Religious practices that strongly control female sexuality are more successful at promoting certainty about paternity, according to a study published in the current issue of the Proceedings of the National Academy of Sciences.
The study analyzed genetic data on 1,706 father-son pairs in a traditional African population – the Dogon people of Mali, West Africa – in which Islam, two types of Christianity, and an indigenous, monotheistic religion are practiced in the same families and villages.
“We found that the indigenous religion allows males to achieve a significantly lower probability of cuckoldry – 1.3 percent versus 2.9 percent,” said Beverly Strassmann, lead author of the article and a biological anthropologist at the University of Michigan.
In the traditional religion, menstrual taboos are strictly enforced, with women exiled for five nights to uncomfortable menstrual huts. According to Strassmann, the religion uses the ideology of pollution to ensure that women honestly signal their fertility status to men in their husband’s family.
“When a woman resumes going to the menstrual hut following her last birth, the husband’s patrilineage is informed of the imminency of conception and cuckoldry risk,” Strassmann said. “Precautions include postmenstrual copulation initiated by the husband and enhanced vigilance by his family.”
Across all four of the religions practiced by the Dogon people, Strassmann and colleagues detected father-son Y DNA mismatches in only 1.8 percent of father-son pairs, a finding that contradicts the prevailing view that traditional populations have high rates of cuckoldry. A similar rate of cuckoldry has been found in several modern populations, but a key difference is that the Dogon do not use contraception.
The study, which was supported by funding from the National Science Foundation, is part of Strassmann’s ongoing, 26-year study of the Dogon people.
“The major world religions sprang from patriarchal societies in which the resources critical to reproduction, whether in the form of land or livestock, were inherited from father to son down the male line,” Strassmann and colleagues write. “Consistent with patrilineal inheritance, the sacred texts set forth harsh penalties for adultery and other behaviors that lower the husband’s probability of paternity. The scriptures also place greater emphasis on female than on male chastity, including the requirement of modest attire for women and the idealization of virginity for unmarried females.”
While previous studies have examined the evolutionary biology of patriarchy through primate antecedents or cultural factors, the current study is the first to investigate whether religions that more strongly regulate female sexuality are more successful at limiting the incidence of cuckoldry.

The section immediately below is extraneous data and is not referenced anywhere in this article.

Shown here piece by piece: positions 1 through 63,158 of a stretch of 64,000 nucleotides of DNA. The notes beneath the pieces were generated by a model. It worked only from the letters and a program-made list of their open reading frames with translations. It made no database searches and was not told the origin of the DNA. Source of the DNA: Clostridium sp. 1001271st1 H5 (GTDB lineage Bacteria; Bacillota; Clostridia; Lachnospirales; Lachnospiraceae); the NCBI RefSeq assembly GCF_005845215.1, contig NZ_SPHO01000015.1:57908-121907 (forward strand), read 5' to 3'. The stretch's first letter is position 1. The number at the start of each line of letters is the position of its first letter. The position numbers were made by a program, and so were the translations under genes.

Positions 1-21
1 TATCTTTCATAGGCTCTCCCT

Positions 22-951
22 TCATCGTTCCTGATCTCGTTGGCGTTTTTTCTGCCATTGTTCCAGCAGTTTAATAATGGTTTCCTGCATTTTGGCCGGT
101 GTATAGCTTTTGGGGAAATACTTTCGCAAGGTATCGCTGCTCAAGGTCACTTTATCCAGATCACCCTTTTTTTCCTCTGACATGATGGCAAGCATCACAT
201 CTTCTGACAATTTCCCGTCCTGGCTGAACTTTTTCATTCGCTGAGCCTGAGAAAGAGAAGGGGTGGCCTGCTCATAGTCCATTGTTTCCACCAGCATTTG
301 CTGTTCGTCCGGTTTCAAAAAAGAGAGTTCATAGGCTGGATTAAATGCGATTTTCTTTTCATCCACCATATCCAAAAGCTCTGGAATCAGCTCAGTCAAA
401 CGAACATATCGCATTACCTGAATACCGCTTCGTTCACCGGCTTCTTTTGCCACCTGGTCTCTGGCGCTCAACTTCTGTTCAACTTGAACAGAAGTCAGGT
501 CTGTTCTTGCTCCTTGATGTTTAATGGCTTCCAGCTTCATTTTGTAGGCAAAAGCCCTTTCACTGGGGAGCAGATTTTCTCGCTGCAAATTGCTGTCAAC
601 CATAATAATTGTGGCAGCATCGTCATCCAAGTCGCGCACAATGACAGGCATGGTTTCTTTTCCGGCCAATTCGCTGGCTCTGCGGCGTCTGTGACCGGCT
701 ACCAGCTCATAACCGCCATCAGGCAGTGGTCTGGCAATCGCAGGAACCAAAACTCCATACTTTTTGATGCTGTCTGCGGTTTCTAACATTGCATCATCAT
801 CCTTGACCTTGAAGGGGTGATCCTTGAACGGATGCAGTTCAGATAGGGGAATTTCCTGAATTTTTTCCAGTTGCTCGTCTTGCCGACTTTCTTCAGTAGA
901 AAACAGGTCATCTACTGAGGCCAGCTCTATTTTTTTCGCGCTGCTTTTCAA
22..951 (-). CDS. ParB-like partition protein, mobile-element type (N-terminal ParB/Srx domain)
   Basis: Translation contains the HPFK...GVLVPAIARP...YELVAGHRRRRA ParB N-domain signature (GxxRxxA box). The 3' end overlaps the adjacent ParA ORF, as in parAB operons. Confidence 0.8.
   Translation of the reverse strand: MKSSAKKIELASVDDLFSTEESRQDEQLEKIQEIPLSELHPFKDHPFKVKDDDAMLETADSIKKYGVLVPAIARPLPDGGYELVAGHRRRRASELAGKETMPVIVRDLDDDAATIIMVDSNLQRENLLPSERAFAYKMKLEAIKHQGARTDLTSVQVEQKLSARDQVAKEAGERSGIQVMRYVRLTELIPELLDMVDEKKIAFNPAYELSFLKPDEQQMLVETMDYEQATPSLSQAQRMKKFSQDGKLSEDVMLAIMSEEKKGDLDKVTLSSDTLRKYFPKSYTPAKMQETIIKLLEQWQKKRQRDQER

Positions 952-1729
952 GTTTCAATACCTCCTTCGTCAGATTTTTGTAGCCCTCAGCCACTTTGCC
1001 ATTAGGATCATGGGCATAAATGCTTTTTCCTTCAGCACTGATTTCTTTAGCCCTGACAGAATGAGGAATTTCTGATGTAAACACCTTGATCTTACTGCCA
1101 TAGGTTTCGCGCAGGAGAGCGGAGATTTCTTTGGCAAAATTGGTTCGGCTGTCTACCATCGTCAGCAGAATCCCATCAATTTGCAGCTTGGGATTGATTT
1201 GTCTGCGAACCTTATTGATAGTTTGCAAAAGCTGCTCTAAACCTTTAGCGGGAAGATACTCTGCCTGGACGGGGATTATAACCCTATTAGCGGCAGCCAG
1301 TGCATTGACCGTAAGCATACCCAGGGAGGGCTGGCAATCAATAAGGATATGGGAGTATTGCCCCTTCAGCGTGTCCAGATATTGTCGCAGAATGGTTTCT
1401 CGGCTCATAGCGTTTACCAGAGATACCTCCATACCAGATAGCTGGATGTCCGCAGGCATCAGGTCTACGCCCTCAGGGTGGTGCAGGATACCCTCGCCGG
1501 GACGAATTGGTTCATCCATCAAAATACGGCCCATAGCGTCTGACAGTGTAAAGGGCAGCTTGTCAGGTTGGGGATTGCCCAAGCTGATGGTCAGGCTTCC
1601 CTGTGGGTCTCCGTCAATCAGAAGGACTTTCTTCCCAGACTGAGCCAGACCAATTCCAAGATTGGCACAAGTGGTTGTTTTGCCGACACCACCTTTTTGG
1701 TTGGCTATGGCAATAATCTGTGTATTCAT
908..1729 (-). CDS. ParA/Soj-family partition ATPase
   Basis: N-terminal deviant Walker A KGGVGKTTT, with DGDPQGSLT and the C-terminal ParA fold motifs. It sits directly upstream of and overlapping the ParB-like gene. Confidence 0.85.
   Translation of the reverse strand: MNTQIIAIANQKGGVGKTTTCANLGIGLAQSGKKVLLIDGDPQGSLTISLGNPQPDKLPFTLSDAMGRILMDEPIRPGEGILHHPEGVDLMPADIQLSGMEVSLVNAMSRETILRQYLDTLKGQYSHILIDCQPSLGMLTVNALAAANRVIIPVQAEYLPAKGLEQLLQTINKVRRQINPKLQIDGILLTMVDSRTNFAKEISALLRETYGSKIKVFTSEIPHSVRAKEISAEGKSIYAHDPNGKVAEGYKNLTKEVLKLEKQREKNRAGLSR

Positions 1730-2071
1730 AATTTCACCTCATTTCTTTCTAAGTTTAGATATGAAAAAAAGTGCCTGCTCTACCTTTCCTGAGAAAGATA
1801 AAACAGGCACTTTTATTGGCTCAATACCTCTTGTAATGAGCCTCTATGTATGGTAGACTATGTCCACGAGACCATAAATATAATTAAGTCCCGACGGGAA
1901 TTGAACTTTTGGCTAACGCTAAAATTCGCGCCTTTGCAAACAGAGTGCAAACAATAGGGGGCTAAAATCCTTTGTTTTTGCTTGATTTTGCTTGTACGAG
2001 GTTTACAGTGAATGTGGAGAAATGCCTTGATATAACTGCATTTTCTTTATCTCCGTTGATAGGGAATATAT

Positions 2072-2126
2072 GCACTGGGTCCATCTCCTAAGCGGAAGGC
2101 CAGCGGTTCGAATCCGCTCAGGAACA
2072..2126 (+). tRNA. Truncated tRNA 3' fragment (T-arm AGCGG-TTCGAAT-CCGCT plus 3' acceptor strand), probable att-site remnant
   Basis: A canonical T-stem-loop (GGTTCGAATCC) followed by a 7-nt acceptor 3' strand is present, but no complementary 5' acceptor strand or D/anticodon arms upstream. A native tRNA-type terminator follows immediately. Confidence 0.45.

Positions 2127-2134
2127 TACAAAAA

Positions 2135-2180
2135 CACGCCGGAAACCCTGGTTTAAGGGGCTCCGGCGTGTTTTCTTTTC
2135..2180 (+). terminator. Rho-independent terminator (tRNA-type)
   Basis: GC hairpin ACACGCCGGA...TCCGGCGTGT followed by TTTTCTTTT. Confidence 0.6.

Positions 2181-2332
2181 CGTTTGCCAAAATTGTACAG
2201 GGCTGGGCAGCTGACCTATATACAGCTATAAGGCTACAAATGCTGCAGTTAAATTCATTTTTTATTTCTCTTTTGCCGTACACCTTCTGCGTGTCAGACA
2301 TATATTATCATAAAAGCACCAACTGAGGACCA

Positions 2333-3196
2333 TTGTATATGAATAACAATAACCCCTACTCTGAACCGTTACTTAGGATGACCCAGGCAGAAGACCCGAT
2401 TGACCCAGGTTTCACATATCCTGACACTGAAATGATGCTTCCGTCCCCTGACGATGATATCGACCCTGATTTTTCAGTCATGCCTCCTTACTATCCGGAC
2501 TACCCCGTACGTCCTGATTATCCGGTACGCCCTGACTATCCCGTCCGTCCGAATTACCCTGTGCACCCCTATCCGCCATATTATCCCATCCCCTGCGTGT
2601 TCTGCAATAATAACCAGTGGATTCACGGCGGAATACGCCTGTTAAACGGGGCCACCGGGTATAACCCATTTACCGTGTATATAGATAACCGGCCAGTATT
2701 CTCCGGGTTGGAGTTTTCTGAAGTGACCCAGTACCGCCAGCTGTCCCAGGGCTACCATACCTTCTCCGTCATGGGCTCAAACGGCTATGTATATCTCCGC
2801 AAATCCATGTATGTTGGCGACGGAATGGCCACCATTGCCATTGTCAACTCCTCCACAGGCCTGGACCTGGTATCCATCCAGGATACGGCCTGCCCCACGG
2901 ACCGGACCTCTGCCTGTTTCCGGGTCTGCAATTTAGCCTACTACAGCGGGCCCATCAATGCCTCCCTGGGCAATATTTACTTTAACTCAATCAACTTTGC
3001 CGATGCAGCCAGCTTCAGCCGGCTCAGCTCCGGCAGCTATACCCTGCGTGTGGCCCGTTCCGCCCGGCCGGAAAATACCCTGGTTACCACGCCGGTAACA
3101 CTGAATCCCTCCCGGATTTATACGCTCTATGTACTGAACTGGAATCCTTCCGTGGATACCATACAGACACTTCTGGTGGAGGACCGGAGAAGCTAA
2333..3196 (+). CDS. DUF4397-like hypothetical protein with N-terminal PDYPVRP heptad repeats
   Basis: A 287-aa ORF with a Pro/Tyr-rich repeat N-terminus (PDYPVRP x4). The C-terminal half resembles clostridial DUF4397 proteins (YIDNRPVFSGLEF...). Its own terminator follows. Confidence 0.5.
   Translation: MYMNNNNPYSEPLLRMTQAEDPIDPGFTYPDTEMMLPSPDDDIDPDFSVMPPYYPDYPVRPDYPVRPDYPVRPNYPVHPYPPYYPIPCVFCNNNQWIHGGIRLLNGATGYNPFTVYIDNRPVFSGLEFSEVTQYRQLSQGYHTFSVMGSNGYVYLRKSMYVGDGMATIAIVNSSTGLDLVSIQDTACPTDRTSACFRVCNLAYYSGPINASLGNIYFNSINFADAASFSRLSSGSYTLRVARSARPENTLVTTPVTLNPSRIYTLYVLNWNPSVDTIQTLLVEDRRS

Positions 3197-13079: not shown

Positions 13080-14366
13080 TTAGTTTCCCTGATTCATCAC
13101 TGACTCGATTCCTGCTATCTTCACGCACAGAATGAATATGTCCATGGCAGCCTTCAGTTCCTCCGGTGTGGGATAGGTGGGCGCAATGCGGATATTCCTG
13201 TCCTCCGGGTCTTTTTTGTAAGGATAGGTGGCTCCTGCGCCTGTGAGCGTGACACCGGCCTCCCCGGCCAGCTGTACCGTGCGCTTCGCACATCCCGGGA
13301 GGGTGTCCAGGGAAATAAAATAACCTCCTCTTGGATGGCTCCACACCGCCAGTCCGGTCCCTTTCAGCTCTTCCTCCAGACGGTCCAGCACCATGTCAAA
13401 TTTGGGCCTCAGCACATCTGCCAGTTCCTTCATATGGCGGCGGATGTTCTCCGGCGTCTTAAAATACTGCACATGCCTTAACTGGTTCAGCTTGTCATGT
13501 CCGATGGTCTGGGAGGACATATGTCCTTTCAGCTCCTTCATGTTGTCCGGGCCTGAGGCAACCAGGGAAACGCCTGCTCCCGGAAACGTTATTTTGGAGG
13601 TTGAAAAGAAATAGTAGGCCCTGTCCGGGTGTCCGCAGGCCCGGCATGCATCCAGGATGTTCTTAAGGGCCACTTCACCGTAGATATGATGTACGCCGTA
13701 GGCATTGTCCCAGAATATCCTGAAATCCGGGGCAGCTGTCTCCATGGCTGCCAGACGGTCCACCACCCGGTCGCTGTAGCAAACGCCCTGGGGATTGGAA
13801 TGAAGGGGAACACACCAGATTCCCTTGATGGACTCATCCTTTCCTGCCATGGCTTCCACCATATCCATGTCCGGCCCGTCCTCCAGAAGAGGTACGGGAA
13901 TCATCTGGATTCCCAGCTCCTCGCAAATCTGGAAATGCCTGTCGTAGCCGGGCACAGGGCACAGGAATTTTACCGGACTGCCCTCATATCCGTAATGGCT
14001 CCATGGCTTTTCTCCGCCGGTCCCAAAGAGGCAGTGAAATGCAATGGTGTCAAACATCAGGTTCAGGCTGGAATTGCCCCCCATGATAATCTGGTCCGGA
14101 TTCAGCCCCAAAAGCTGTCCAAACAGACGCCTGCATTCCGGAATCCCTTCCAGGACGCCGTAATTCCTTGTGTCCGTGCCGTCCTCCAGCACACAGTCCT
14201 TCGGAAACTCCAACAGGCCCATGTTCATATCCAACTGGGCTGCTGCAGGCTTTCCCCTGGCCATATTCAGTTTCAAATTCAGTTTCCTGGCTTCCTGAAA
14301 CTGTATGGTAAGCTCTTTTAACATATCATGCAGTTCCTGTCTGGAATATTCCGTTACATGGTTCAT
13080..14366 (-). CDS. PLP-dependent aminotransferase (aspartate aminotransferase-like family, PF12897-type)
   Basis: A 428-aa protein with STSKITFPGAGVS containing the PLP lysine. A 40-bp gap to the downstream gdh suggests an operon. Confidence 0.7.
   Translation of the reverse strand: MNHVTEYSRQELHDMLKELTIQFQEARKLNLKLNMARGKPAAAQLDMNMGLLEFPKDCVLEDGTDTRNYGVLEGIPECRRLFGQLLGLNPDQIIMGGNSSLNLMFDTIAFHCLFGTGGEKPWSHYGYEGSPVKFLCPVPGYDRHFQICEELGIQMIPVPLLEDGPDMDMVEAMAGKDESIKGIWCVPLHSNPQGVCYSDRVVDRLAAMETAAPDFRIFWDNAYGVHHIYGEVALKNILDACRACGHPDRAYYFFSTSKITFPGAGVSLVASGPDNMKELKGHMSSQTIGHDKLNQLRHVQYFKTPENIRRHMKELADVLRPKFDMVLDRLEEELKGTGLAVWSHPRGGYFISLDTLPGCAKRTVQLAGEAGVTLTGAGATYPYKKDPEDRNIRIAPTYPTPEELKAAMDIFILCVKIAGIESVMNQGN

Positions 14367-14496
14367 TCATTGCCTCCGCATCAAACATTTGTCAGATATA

“Although world religions do not have menstrual huts, they do share many tenets that may foster cuckoldry avoidance,” the authors write. “For example, in Judaism, menstrual purity laws increase coital frequency around the time of ovulation. In Islam, paternity confusion is prevented by the Qur’an’s rule that, after divorce, a woman must wait for three menstrual periods before remarrying. The Hindu text, ‘The Laws of Manu,’ admonishes against cuckoldry or ‘sowing in another man’s field.’
“Strong statements against adultery and extramarital children are found in the Bible and, in Buddhism, adultery is a form of sexual misconduct. In preventing cuckoldry, religions use the dual strategy of social control in the public sphere (attendance at a place of worship or at a menstrual hut) and the fear of divine or supernatural punishment. In the United States, frequent church attendance and belief that the Bible is the word of God were the two most robust predictors of lower rates of self-reported extra-partner copulations.”
In short, Strassmann and colleagues maintain that the ideological and tactical similarities between these world religions and the Dogon religion have arisen in response to the same biological pressures. Religious patriarchy is directly analogous to the mate-guarding tactics used by animals to ensure paternity.
Strassmann is affiliated with the U-M Institute for Social Research and the U-M Department of Anthropology, part of the College of Literature, Science, and the Arts. Her co-authors are Nikhil Kurapati, Brendan Hugg and Brenda Gillespie, all at U-M; Erin Burke at Yale University; Tatiana Karafet of the Arizona Research Laboratories; and Michael Hammer of the Arizona Research Laboratories and the University of Arizona at Tucson.
University of Michigan